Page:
Sans Big Tech Part 5: File server in the personal cloud

In Part 1 of this series, I explained why I have embarked on a long journey towards digital independence from Big Tech and Big Risk. Part 2 documented the first step of that journey – building a personal cloud, Part 3 discussed the security issues, and Part 4 described setting up an encrypted calendar in the personal cloud. This post is about a file server in the personal cloud as a partial replacement of Dropbox and Google Drive. It currently covers only the use of these services to sync between my own devices; I could extend it to include a couple of family members or close collaborators but not to a wider circle. This limited replacement is valuable because the privacy needs are greatest for material that I share only with the half a dozen devices (desktop, laptop, tablet, phone) that I use on a regular basis.

SFTP Server

The simplest solution to a file server is of course an FTP server, but for security reasons, several tweaks are necessary:

  • First, to minimize the threat surface, I want to run everything over the SSH port, and so I use an SFTP server instead of a plain FTP server.
  • Second, the file server will be accessed using unattended scripts and so the SSH key for this will have to be cached in the SSH-Agent or in a key ring. Therefore, the SFTP server will be accessed as a different highly restricted user that is allowed to run SFTP and nothing else. This is easily accomplished by creating a new group sftponly for this user and then adding the following lines to the end of /etc/ssh/sshd_config:
        Match Group sftponly
            ChrootDirectory %h
            ForceCommand internal-sftp
            AllowTcpForwarding no
            X11Forwarding no
            PasswordAuthentication no
  • Third, I want the SFTP server to host only encrypted files. So all uploads and downloads are done using scripts that encrypt and decrypt the files using a locally cached symmetric password. I currently use 7-Zip to archive, compress and encrypt the files using AES-256.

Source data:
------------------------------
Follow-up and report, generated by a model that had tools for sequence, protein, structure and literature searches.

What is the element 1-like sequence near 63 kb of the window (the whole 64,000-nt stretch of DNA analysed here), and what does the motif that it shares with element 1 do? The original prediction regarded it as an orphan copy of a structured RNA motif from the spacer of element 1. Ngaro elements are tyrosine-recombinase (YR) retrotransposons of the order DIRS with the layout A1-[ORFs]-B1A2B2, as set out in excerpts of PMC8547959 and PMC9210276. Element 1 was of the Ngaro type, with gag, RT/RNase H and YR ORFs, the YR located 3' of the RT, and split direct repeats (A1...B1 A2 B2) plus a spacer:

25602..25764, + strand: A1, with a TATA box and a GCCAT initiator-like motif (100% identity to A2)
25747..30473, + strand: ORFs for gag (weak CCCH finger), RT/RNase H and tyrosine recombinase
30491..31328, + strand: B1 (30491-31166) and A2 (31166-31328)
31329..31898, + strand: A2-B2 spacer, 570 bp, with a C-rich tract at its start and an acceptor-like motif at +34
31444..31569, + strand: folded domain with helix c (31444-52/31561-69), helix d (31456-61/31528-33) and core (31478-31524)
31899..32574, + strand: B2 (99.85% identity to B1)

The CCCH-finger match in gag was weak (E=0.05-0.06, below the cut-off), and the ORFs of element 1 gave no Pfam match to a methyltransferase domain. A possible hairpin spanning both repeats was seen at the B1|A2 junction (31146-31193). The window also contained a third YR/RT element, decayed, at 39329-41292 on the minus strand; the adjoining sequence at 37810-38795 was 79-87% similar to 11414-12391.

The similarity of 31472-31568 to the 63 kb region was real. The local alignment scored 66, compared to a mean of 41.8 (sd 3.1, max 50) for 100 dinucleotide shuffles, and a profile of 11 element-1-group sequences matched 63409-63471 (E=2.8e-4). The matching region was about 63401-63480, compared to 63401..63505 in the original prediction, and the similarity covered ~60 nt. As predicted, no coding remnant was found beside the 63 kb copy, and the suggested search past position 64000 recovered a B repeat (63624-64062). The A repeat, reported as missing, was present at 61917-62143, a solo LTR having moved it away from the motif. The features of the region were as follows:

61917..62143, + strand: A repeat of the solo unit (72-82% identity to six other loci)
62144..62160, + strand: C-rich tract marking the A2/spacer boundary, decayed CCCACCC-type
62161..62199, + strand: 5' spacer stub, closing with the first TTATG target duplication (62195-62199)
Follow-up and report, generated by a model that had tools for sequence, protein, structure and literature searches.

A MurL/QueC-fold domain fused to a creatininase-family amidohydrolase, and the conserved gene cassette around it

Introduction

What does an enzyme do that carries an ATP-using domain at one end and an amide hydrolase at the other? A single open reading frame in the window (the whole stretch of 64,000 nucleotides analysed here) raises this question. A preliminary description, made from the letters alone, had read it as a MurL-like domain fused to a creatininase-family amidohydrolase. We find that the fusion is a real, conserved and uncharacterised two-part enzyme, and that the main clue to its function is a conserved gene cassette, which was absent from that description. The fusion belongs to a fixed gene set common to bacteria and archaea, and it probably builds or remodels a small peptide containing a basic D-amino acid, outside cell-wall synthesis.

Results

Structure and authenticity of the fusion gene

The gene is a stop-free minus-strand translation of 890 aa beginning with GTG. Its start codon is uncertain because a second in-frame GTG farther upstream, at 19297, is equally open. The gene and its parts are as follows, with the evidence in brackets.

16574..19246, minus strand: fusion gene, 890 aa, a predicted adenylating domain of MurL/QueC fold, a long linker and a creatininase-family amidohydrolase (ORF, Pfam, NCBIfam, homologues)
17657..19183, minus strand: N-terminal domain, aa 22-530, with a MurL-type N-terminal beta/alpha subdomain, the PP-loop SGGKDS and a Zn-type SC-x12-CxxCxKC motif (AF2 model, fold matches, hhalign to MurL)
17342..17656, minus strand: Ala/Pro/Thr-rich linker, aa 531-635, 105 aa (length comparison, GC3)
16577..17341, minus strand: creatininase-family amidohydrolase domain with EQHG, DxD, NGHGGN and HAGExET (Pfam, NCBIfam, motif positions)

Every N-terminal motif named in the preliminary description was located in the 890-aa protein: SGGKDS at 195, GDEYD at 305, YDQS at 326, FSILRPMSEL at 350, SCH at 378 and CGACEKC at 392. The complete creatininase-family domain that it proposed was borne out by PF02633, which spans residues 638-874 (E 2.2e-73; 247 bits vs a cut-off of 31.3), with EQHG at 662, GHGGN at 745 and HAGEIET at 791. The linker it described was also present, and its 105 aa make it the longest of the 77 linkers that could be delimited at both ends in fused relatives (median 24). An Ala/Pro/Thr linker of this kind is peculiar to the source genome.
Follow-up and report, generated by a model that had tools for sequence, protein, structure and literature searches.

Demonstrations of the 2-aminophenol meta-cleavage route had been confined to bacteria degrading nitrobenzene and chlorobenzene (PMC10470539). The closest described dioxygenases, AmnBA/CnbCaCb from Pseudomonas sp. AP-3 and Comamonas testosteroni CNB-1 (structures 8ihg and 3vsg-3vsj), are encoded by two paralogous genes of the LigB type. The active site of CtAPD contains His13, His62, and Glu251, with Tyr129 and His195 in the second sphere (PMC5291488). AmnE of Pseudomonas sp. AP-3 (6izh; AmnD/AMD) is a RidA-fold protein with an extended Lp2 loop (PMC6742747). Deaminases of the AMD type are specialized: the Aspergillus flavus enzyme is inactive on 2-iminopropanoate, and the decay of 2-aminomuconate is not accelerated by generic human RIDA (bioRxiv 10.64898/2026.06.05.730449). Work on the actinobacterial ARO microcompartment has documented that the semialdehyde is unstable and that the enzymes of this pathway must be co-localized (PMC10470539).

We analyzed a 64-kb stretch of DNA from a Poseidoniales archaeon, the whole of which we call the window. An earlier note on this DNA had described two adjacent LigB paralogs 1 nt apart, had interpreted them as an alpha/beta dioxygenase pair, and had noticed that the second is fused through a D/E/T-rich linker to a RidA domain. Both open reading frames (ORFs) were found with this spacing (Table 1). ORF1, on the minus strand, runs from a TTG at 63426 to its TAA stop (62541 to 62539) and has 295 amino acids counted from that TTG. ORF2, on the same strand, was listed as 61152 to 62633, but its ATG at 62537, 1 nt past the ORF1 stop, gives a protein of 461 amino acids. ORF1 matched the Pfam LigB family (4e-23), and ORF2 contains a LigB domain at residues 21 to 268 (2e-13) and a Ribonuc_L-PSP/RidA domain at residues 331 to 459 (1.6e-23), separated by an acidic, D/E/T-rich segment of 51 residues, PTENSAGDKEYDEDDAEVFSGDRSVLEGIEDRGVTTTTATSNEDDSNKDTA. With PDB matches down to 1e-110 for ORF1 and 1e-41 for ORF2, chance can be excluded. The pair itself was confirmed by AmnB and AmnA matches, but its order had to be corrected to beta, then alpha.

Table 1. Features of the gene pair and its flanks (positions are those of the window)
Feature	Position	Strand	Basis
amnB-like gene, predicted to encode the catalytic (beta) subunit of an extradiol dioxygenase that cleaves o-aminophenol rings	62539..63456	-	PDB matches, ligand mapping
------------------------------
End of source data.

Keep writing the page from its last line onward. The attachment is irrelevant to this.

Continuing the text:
Encrypted Git Repo

SFTP servers are not suitable for frequently modified files that need to be under version control. For this I use git-remote-gcrypt. which is a git remote helper to push and pull from repositories encrypted with GnuPG, using a custom format. I basically followed Caloan’s simple instructions on how to set this up.

What is interesting about this setup is that git is not running on the server at all. The server runs rsync so that only the changed chunks are uploaded and downloaded. Only the clients run git, and when stuff has to be pushed to or pulled from the remote, git-remote-gcrypt steps in to handle this operation. Chunks are encrypted before uploading and decrypted after downloading using a key. The server does not even have the public key.

A known issue with git-remote-gcrypt is that every git push to the server effectively has --force. We must therefore pull before pushing. The relevant part of my shell script is shown below:

    git fetch $SERVER
    local=$(git rev-parse HEAD)  # hash of local head
    remote=$(git rev-parse $SERVER/master)  # hash of remote head
    base=$(git merge-base HEAD $SERVER/master)   # hash of common ancestor
    if [ $local == $remote ]; then
        action=none # local and remote are identical
    elif [ $local == $base ]; then
        action=pull  # remote is one or more commits ahead of local
    elif [ $remote == $base ]; then
        action=push  # local is one or more commits ahead of remote
        action=merge # local and remote have diverged from common ancestor

Once again, I want this user to run in a chroot jail. There are many good introductions on how to do this: for example, John Otieno. There are only two commands needed inside the jail: sh and rsync. We add a section in /etc/ssh/sshd_config to match this user and send it to the jail. It is also convenient to modify AuthorizedKeysFile directive in /etc/ssh/sshd_config to something like:

   AuthorizedKeysFile      /etc/ssh/authorized_keys/%u     .ssh/authorized_keys

and create authorized_keys in the new location.

Termux in Android Devices

The above setup is designed for easy access from laptops running Linux, but the greatest need for syncing content is to and from phones and tablets. Thankfully, termux solved this problem for me by allowing me to run a Linux-like environment on my phone. I have termux running in the background all the time, and from any Android App, I can share a file to termux. I have setup ~/bin/termux-file-editor to point to a script that uploads the file to the SFTP server.


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